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May 17, 2022

Explosion at CSG well probed

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 Metgasco’s CSG rig as seen from Casino airport two weeks ago. Photo supplied.
Metgasco’s CSG rig as seen from Casino airport two weeks ago. Photo supplied.

The recent dismantling of a coal seam gas (CSG) well adjacent to Casino airport could have been lethal after the explosive ejection of broken drill rods and methane into the air, it was claimed this week.

Mining company Metgasco says no-one was hurt during the well’s decommissioning late on Sunday, July 14, as safety equipment installed on the well to cope with such events had worked.

But Nimbin Environment Centre secretary Alan Roberts said the ‘explosion’ and loud noise as gas burst out under high pressure had alarmed surrounding residents, including those staying at a nearby motor-home park.

Mr Roberts, who is part of a group monitoring the decommissioning of 19 Metgasco CSG wells in the northern rivers, said that during the decommissioning of the well, ‘200 metres of drill rod and milling tool were ejected explosively’.

He said that a Metgasco official, when asked about the incident at the time, told him it was ‘normal to circulate some gas to the mud degasser in the process of killing the well’ and that he could ‘rest assured the well is now dead’ and workmen would ‘soon be running in to commence the abandonment operations’.

But Mr Roberts said, ‘Metgasco may consider it normal, but the well certainly did not, as it shot broken drill rods, methane and liquids skyward in the process of dying’.

He said the NSW mine safety report on the incident shows it was ‘clear that there was a dangerous period between removing the Kingfisher well head Xmas tree and bolting down the Blow Off Preventer (BOP) when the bridge plug could have been ejected possibly into the township of Casino particularly if it were deflected by something.’

Rusted

‘Also some of the nuts on the bolts holding down some of the Xmas trees being removed have almost rusted away to nothing, allowing the possibility of an Xmas tree to blast off a well into any nearby house,’ he said.

‘People can read the NSW mine safety report and come to their own conclusions as to whether Kingfisher E01 was a cowboy job or not.’

Mr Roberts said there were also other examples of ‘cowboy’ decommissioning jobs by Metgasco in the Casino area.

One was a well at Greenridge, which Metgasco said had been ‘plugged, abandoned and site rehabilitated’, but Mr Roberts said ‘it was clear to everybody that there was still a wellhead in a flooded pit there’.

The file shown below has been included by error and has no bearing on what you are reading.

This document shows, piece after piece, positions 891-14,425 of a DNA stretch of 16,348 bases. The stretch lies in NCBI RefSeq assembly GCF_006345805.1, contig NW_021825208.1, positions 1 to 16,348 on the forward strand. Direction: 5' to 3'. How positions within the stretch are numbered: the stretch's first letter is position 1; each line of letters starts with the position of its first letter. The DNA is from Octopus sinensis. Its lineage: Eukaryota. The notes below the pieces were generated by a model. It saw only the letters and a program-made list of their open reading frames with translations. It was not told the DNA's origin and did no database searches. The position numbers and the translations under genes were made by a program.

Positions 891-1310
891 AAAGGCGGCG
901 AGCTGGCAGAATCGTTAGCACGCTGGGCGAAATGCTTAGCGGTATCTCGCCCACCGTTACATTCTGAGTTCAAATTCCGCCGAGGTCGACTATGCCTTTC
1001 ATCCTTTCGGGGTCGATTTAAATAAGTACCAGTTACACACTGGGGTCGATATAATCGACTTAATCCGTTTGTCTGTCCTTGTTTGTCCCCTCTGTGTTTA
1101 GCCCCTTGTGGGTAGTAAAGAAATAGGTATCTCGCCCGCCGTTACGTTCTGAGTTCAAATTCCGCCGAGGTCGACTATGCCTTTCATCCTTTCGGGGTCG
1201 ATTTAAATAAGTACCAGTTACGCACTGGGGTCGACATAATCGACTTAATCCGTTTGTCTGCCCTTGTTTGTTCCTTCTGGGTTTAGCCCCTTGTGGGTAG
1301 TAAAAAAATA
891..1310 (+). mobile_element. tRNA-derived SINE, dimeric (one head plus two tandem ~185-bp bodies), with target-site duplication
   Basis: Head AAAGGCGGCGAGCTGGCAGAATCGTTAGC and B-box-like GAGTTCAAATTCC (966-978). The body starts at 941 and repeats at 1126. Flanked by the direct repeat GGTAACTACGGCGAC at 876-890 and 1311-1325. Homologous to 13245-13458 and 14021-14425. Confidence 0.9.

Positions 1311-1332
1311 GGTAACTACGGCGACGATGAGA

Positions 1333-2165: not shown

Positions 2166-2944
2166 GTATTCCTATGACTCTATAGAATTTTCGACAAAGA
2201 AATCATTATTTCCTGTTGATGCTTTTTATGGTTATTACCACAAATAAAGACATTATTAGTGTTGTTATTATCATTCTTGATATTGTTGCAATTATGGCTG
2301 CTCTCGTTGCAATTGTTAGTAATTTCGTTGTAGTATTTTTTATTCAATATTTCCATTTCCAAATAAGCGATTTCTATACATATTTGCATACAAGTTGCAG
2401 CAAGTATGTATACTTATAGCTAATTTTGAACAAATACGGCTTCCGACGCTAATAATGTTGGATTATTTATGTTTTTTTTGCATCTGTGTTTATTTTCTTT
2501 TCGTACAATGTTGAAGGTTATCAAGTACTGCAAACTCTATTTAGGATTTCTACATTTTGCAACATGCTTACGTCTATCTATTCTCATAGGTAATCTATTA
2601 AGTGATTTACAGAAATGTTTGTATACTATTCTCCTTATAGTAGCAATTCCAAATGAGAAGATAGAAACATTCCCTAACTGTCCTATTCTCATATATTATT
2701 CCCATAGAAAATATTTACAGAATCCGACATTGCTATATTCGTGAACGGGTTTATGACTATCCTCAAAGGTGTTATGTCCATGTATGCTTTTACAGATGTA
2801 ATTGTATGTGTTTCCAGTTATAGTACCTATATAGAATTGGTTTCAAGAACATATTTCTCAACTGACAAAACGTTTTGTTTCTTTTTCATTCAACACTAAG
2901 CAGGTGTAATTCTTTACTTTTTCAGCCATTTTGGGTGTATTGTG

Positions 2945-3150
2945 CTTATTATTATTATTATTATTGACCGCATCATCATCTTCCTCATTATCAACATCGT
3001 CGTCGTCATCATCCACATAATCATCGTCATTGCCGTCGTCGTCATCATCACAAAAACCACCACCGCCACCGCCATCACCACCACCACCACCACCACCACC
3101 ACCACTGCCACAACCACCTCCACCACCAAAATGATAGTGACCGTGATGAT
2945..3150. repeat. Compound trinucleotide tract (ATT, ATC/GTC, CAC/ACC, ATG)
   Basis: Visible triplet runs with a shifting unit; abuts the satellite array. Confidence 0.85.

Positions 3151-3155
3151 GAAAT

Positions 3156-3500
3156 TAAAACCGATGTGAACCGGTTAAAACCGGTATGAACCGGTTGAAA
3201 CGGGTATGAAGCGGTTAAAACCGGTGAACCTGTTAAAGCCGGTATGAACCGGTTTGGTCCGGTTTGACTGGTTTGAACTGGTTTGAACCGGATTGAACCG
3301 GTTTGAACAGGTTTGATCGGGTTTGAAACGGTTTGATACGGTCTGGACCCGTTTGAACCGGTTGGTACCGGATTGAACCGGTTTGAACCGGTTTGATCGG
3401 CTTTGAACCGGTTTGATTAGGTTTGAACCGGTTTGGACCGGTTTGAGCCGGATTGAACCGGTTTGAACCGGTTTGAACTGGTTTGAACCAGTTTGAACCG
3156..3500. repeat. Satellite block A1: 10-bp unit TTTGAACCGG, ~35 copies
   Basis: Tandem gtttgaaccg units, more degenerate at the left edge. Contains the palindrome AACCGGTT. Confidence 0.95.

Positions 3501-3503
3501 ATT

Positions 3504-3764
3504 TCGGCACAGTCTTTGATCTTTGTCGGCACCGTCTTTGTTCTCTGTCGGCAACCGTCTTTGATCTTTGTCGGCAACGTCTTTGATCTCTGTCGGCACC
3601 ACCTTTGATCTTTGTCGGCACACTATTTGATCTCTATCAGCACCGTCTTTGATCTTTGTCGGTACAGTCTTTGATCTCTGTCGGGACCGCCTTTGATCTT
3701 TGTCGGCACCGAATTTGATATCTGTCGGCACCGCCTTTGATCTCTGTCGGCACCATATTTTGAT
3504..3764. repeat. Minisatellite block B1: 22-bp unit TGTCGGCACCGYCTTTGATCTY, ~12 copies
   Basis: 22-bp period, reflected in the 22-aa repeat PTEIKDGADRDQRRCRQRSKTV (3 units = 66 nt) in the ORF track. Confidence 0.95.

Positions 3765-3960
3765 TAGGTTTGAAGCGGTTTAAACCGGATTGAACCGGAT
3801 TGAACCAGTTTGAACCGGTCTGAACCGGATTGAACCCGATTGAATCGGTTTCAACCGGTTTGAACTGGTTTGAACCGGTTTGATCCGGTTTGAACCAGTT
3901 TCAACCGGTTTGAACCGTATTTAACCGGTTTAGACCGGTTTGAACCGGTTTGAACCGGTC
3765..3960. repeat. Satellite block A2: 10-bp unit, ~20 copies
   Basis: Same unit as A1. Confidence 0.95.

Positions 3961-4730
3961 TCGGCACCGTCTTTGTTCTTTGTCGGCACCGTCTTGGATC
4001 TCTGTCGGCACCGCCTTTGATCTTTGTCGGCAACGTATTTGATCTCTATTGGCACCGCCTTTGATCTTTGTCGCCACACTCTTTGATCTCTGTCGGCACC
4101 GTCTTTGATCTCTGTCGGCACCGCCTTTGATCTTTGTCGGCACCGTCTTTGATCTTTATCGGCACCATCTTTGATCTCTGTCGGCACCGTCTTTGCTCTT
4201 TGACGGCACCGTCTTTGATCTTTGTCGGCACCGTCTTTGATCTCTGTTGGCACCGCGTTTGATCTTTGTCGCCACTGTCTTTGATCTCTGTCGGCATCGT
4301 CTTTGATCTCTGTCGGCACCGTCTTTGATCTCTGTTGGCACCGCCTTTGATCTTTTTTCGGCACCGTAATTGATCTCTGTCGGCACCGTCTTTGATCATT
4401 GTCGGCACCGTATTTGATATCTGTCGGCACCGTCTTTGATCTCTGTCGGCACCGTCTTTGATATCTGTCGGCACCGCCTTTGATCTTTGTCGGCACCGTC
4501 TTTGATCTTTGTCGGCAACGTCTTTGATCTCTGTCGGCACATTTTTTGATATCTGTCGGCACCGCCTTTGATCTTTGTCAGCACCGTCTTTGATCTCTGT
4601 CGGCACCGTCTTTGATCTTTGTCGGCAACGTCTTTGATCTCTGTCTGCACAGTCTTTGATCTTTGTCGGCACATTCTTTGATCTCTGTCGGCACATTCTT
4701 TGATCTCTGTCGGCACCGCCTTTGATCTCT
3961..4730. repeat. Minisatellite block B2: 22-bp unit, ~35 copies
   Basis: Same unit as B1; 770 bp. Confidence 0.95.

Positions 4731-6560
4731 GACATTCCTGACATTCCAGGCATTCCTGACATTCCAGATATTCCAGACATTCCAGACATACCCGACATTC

Another was a well at Rappville that caught fire in 2009 and ‘attended by the Rappville Rural Fire Brigade who were unable to extinguish the huge jet of flame’.

‘The flames were followed by a fountain of froth, according to onlookers, after which a massive mound of earth was piled on the well. It stayed this way for years,’ he said.

But Metgasco managing director Peter Henderson told Echonetdaily that Mr Roberts’s ‘technical and engineering comments and history of the incident are simply not correct’.

Mr Henderson said an incident did occur while decommissioning the well near the Casino airport ‘as indicated in the safety alert the government has distributed’ but ‘no-one was hurt’.

Safety gear

He said the safety equipment, ‘installed to handle events of this type, worked. Government was informed, government officials visited the site and a full investigation was completed.

‘As is normal practice, a “safety alert” was issued to industry so that all can learn from the event. The well has now been decommissioned.

‘As far as the other wells were concerned, there was no fire on the Wyan (Rappville) well; the only flame was from a routine well test.

‘Wyan was decommissioned some time ago (before the end of 2011), the rehabilitation report signed off by the landholder and the associated documents are with government.

‘The Riflebird (Greenridge) well was decommissioned successfully in the first few weeks of July, as part of the current program,’ Mr Henderson said.

Mr Roberts said that, nonetheless, it was ‘sad to see money wasted underground when it could be spent productively on renewable wind and solar thermal above ground.

‘Unconventional gas leaks so badly from every stage of production that its lifecycle greenhouse emissions are worse than that of coal.

‘Metgasco can plug their wells and go away lest our environment is eviscerated and our health destroyed. Neither do we want drill rods, fire and produced water raining down out of the sky,’ he said.

 


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